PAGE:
Investing like Buffett: From Warren Buffett’s rule book: According to this, the stock market legend lives and invests | message
Shares in this article
• Warning of recklessness and a lack of research
• Successful company – successful share price
• Buffett advises long-term investments
Warren Buffet is an investment legend and one of the richest people in the world. According to Stephanie Loiacono from the finance portal Investopedia, some of the stock market guru’s statements are even philosophical. Using quotes that can be traced back to the star investor, Loiacono has drawn up rules by which Buffett lives – and invests.
Thorough research can prevent loss of money
One of the most cited statements by Warren Buffett is a fundamental rule of thumb for investors: “The first rule of investing is, don’t lose money. And the second rule of investing is, don’t forget the first rule. And that’s all the rules there are. ” As early as 1985 Buffett explained this strategy in an interview with Adam Smith on his show, which ran on the US television channel PBS. Loiacono pointed out that Buffett himself failed to follow this principle a few times – after all, he is said to have lost about $ 23 billion during the 2008 financial crisis. But it is more about a way of thinking than a concrete action. Investors shouldn’t get careless and get enough information. Buffett himself only invests in companies that he has researched thoroughly and fully understands. Investments in which he believes he can lose are excluded. Furthermore, he considers temperament to be the most important quality of an investor – even before intellect. This also means that you don’t swim with or against the current, but rather stay focused on your own goals and pursue them in the long term.
Company success affects share price
Another stock market advice Buffett has given in the past is, “When the company is doing well, so is the stock price.” Buffett is said to have drawn his inspiration for this quote from Benjamin Graham’s “The Intelligent Investor”. Buffett himself attended the economist’s lecture at Columbia University as a student, CNBC reported. With reference to Graham’s standard work, a stake in Buffett equates to a partial ownership of a company. Specifically, this means for the investor that when making an investment, he is on the lookout for companies that could be successful in the long term. A consistent operating history, a dominant sales concession or high and sustainable profit margins could be important here, as Loiacono explained. Only if a company’s share price is below expectations for future growth are the bills eligible for Buffett. Investors should only buy shares if they can give reasons for a certain price per share.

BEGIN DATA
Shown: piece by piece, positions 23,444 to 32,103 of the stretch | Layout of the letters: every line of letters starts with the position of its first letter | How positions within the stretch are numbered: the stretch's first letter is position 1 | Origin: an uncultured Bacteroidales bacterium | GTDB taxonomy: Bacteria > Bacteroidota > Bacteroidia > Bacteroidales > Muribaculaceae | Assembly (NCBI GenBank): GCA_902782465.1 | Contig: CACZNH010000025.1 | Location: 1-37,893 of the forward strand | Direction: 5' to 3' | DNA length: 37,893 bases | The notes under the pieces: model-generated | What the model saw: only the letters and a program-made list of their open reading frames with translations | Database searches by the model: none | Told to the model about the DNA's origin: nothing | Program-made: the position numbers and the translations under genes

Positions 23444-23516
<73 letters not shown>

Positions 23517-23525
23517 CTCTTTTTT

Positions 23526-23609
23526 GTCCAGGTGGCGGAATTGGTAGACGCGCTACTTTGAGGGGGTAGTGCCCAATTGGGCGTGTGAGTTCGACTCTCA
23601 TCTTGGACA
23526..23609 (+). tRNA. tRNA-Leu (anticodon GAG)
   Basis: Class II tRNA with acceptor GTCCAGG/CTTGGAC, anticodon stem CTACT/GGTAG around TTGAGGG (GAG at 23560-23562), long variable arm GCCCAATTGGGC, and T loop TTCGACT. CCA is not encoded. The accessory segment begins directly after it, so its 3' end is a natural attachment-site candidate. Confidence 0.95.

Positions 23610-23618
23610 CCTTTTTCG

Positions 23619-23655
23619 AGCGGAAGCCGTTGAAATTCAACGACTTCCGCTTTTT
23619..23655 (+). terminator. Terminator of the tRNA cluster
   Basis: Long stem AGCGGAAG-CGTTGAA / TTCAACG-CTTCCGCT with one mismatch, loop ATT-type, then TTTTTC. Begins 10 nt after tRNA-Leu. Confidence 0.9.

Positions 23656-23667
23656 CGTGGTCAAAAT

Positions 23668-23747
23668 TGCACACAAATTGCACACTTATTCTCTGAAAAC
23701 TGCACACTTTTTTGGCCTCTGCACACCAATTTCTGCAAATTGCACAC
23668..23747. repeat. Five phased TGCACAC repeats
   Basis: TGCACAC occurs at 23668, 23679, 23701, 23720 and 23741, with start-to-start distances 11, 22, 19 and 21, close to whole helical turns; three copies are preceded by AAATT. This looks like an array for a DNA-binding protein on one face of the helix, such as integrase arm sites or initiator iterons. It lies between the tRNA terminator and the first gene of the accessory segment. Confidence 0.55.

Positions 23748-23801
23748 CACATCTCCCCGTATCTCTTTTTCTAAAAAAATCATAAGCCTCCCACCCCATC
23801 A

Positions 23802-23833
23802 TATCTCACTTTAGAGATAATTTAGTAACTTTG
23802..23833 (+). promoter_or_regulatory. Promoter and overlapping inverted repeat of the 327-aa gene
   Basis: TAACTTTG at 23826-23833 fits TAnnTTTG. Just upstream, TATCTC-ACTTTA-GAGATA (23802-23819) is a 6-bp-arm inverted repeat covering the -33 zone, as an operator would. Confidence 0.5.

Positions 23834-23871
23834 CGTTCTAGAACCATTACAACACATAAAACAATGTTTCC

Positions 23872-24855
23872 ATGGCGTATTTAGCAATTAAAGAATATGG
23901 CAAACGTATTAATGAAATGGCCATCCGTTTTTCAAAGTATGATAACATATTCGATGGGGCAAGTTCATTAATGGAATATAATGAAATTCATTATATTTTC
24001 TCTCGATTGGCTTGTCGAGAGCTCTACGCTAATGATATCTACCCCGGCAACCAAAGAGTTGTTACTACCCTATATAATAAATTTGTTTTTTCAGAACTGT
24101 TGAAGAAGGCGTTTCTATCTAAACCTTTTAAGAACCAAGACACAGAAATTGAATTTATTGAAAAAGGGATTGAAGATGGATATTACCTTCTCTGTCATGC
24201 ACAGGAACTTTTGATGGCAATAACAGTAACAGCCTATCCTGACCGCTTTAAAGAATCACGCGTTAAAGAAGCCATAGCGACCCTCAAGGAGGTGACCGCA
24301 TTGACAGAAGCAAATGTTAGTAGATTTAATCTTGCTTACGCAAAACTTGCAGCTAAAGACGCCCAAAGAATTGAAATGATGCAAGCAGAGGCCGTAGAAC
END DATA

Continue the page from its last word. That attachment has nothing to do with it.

Get in low
Furthermore, Buffet is said to have advised “to buy a wonderful company at a fair price instead of a fair company at a wonderful price”. As a value investor, Buffett prefers to buy high quality stocks at rock bottom prices. He is pursuing the long-term goal of building ever greater operating strength for his company, Berkshire Hathaway, by creating a portfolio of stocks that can post strong profits in the future. He added to his portfolio during the financial crisis in 2007 and 2008 with stocks that slumped as a result of the crisis, including General Electric and Goldman Sachs, from which he hoped to generate profits in the long term. In order to locate such companies, investors need a good instinct. Companies that offer a long-lasting product and also have solid operating results come into consideration. There should also be a good basis for future profits. The price one pays for a share does not correspond to the value one receives for it.
Hold stocks for the long term
When it comes to how long you hold stocks to sell, Buffet has one piece of advice: “Our preferred holding period is forever.” Buffett is reported to have guessed that if you’ve got a bad feeling about owning a stock for ten years, you shouldn’t own it for ten minutes. Even in crisis situations, he held the majority of his shares. In most cases, a long holding period is intended to discourage an investor from acting too humanly: instead, fear or greed could lead you to sell a stock at its low point or buy it at its high point, negating the long-term appreciation of the portfolio.
Finanzen.net editorial team
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